During the first day of school, I'm sure school teachers trade stories with each other on who cried more—the new kid, or their mum?
It's not easy sending your precious one off to school. All you're thinking is "But my baby is... well, still a baby! What if he cries for me and I'm not there to comfort him?" Sometimes, the first day might be even more heart-breaking for you than your child.
If you’re anxious how your child will face his or her first day in school, there are ways to minimise the anxiety for them.
Play dates, play dates, play dates! A child who is exposed to frequent play dates has already picked up cues on how to behave in a social setting, and has already learned that other kids can (and will) snatch, shout, and engage in rough play.
No time for play dates? Demonstrate good social skills by minding your manners when your child is around, announcing that "I will share this cookie with you" when you give them a snack, and read books together about starting school.
Most children start school at around three years old in Singapore. At this age, there is no real need to pre-learn academics. However, you can help "set the scene" and prepare them on what a regular day at school will be like. Get a small desk and chair, and let them express their creativity by drawing. Sing songs together. Do simple artwork together with bits of craft material and some kids glue. Switch the focus every 20 minutes or so, to mimic a typical day at school.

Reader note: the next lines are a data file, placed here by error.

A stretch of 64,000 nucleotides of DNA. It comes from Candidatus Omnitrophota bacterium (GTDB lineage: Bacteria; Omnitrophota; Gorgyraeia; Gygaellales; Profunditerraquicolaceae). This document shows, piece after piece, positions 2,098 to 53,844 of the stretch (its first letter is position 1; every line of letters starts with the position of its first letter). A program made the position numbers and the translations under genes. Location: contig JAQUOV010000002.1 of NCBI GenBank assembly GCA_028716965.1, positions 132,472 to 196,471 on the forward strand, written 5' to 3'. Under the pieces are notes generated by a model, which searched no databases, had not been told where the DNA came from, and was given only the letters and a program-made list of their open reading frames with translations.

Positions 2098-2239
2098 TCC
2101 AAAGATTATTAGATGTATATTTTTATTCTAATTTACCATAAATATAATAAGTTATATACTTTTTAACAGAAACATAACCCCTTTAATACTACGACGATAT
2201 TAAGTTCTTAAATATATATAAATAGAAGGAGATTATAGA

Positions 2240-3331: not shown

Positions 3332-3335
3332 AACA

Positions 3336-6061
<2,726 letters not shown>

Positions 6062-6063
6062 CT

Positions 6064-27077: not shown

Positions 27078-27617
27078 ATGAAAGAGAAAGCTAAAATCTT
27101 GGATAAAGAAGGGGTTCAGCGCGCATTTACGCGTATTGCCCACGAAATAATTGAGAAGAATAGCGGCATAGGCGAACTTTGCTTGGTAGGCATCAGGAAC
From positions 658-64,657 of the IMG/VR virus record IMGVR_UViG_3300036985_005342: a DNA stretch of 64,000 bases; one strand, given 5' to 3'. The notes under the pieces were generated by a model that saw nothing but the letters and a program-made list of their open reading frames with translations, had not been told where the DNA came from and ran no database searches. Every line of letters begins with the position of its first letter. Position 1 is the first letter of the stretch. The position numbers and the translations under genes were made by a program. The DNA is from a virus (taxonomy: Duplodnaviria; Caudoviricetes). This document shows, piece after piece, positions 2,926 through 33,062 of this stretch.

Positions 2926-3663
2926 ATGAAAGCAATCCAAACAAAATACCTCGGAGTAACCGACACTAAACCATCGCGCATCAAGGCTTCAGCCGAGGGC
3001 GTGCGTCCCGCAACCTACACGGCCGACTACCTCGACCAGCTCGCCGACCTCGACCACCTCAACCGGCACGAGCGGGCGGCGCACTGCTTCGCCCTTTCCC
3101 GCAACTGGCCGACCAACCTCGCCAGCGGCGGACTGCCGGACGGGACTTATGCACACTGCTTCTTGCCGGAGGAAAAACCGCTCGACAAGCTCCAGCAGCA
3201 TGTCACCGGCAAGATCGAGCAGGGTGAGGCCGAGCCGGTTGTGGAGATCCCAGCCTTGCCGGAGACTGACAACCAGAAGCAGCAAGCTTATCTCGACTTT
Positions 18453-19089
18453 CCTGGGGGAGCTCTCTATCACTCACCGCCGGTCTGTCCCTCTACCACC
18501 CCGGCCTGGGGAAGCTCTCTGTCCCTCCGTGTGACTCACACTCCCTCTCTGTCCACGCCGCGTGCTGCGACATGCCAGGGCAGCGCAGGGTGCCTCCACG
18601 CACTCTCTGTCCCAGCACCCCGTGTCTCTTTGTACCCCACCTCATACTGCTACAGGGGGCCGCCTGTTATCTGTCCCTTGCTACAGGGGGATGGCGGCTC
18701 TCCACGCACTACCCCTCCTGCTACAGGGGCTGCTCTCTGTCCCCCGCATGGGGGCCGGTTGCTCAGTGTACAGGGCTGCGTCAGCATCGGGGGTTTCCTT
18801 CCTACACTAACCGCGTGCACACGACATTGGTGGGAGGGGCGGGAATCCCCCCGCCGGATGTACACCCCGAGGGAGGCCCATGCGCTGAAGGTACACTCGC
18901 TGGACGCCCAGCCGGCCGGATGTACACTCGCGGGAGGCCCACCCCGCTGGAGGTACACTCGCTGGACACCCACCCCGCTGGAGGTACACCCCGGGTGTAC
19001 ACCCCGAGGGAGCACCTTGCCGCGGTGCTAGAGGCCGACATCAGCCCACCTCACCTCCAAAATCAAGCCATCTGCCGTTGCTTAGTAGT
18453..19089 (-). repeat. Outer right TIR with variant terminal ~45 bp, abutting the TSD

Let your child engage in self-play at home. Sit back and let them just be. A child who always has their parent hovering over them will naturally be anxious when they enter school and that parent is no longer present.
During bedtime, explain each evening that when they start school, Mummy and Daddy cannot go too but they will have friends and a nice teacher to look after them until they are picked up.
Ask if your child wants to bring along a favourite cuddle toy, and what snack they would like on their first day at school. The feeling of being "in control" for a young child will help ease their anxiety.
On the day itself, resist the urge to be over-emotional or hang around just to, as many parents will reason, “see if he or she can settle in." This just unsettles your child, as they wonder if and when you will leave. Simply squat down for a quick cuddle and kiss, announcing that you will be leaving but will be back after school, then wave and walk out the door. It's easier said than done, but the quicker it's done, the easier the goodbye!
Beverly Burgess has lived in Australia, Shanghai and now Singapore. She is a social media addict, having worked in the online space for seven years at Microsoft and eBay. She then popped out Hunter, 3, and Carter, 1, and now her days are all about Family, Food and Fashion. She blogs at beverlys.net/blog